The main python program uses pygame to write to the TFT via a framebuffer and Matplotlib is used to create the Graphs.
The display can be changed by either the button on the breadboard or via the remote FOB.

Continue reading Raspberry Pi, 1.8″ TFT, RF Receiver and Temperature Sensor

How to Test the SD Card Speed on Your Raspberry Pi

Some of us will have multiple SD cards lying around. And sometimes it isn’t obvious which one is the best to use.

Here is how you can check the speed of your SD cards which may help you with choosing the fastest one.

hdparm is a good tool to view disks reads, from the disk and from the buffer. We will use two options for hdparm;

  1. The speed of reading directly from the Linux buffer cache without disk access. (-t option)
  2. The speed of reading through the buffer cache to the disk without any prior caching of data. (-T option)

The first shows us an indication of the throughput of the processor, cache, and memory of the system under test. The second measures how fast the drive can sustain sequential data reads, without any filesystem overhead. It is also best to run this command multiple times to see the affect of the caching.


Need to install hdparm, and then run it at least twice.
From my output below, you can see that the response for the cached reads increased the second time I ran hdparm.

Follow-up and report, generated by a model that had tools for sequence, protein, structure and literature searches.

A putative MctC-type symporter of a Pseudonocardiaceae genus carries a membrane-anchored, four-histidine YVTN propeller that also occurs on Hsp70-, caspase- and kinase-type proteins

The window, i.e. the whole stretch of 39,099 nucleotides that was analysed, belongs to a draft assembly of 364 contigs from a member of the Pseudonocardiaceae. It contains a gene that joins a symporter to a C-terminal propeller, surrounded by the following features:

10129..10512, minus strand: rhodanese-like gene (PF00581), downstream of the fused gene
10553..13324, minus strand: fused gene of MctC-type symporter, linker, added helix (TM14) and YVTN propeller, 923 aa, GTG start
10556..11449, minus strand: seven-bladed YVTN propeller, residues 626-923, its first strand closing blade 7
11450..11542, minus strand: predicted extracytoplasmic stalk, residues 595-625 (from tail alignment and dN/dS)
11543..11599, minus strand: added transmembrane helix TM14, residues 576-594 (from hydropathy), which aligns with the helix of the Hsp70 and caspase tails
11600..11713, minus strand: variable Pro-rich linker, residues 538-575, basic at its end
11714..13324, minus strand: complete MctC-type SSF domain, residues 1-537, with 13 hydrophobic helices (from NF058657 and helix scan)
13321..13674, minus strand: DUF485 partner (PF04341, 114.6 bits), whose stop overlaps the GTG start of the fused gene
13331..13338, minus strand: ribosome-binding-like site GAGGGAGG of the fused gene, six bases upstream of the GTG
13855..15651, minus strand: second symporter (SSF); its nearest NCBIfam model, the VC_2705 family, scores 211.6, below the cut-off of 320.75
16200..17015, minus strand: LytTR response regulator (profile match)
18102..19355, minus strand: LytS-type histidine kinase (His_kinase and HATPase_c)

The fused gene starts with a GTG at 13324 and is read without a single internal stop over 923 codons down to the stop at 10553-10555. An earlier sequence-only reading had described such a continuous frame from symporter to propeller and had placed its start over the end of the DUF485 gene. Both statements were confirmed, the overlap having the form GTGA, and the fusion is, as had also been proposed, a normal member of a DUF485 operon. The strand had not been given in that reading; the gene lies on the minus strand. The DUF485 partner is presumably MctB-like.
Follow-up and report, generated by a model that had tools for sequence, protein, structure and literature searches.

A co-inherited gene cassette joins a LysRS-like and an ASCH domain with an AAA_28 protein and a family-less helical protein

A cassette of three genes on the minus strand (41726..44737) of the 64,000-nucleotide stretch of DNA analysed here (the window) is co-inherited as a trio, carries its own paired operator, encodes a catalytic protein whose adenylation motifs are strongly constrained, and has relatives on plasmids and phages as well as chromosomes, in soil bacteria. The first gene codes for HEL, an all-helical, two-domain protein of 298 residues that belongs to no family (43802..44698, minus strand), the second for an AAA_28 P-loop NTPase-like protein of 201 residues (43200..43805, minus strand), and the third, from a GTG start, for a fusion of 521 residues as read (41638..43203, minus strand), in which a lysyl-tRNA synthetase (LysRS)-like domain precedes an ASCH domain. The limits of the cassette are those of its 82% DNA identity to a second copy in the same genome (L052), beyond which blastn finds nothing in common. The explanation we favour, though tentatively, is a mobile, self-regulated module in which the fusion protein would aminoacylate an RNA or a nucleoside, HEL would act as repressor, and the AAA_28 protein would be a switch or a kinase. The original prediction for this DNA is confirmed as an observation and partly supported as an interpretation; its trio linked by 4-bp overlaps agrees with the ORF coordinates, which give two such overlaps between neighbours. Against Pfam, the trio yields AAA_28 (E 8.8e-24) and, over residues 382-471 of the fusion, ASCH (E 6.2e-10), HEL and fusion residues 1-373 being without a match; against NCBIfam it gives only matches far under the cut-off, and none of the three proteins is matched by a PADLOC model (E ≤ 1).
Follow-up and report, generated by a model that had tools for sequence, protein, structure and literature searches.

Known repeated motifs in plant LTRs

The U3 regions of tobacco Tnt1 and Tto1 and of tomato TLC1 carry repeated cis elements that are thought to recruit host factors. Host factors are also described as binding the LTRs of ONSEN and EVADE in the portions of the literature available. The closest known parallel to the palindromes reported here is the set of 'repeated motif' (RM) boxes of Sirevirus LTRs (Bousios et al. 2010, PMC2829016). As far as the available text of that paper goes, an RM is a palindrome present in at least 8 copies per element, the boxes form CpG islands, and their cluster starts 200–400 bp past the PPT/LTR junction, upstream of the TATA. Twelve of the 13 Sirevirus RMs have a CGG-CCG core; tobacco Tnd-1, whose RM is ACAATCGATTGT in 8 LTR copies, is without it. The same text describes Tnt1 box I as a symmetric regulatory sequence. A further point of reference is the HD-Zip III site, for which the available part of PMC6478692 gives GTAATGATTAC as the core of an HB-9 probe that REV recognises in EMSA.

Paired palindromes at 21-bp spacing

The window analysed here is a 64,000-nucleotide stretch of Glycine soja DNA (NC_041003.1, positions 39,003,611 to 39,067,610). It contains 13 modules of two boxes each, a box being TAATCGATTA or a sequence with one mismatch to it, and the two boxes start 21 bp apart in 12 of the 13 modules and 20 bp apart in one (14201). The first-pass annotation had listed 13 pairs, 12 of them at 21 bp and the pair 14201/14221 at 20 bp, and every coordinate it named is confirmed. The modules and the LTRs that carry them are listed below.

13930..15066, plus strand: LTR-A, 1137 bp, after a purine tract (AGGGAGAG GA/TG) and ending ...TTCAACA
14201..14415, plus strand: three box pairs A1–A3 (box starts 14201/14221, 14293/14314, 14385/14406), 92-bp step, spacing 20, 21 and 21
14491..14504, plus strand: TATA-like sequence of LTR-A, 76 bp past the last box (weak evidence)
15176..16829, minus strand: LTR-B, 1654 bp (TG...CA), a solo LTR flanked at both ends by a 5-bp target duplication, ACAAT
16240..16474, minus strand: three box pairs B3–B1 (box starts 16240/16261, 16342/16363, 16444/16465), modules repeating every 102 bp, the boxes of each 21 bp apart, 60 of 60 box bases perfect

pi@raspberrypi ~ $ sudo apt-get install hdparm
pi@raspberrypi ~ $
pi@raspberrypi ~ $ sudo hdparm -tT /dev/mmcblk0  /dev/mmcblk0:
Timing cached reads: 104 MB in 2.01 seconds = 51.67 MB/sec
Timing buffered disk reads: 58 MB in 3.03 seconds = 19.12 MB/sec
pi@raspberrypi ~ $ sudo hdparm -tT /dev/mmcblk0  /dev/mmcblk0:
Timing cached reads: 188 MB in 2.03 seconds = 92.76 MB/sec
Timing buffered disk reads: 60 MB in 3.03 seconds = 19.83 MB/sec
pi@raspberrypi ~ $



DD can also be used to test SD card speeds.
WARNING: you must be careful using DD as incorrect options can erase your SD card.

This command will write a 200MB file called test to the SD Card;
dd if=/dev/zero of=test bs=1048576 count=200

This command will read the 200MB file created in the first command;
dd if=test of=/dev/null bs=1048576


pi@raspberrypi ~ $ dd if=/dev/zero of=test bs=1048576 count=200
200+0 records in
200+0 records out
209715200 bytes (210 MB) copied, 9.6409 s, 21.8 MB/s
pi@raspberrypi ~ $
pi@raspberrypi ~ $ dd if=test of=/dev/null bs=1048576
200+0 records in
200+0 records out
209715200 bytes (210 MB) copied, 10.2369 s, 20.5 MB/s
pi@raspberrypi ~ $


Continue reading How to Test the SD Card Speed on Your Raspberry Pi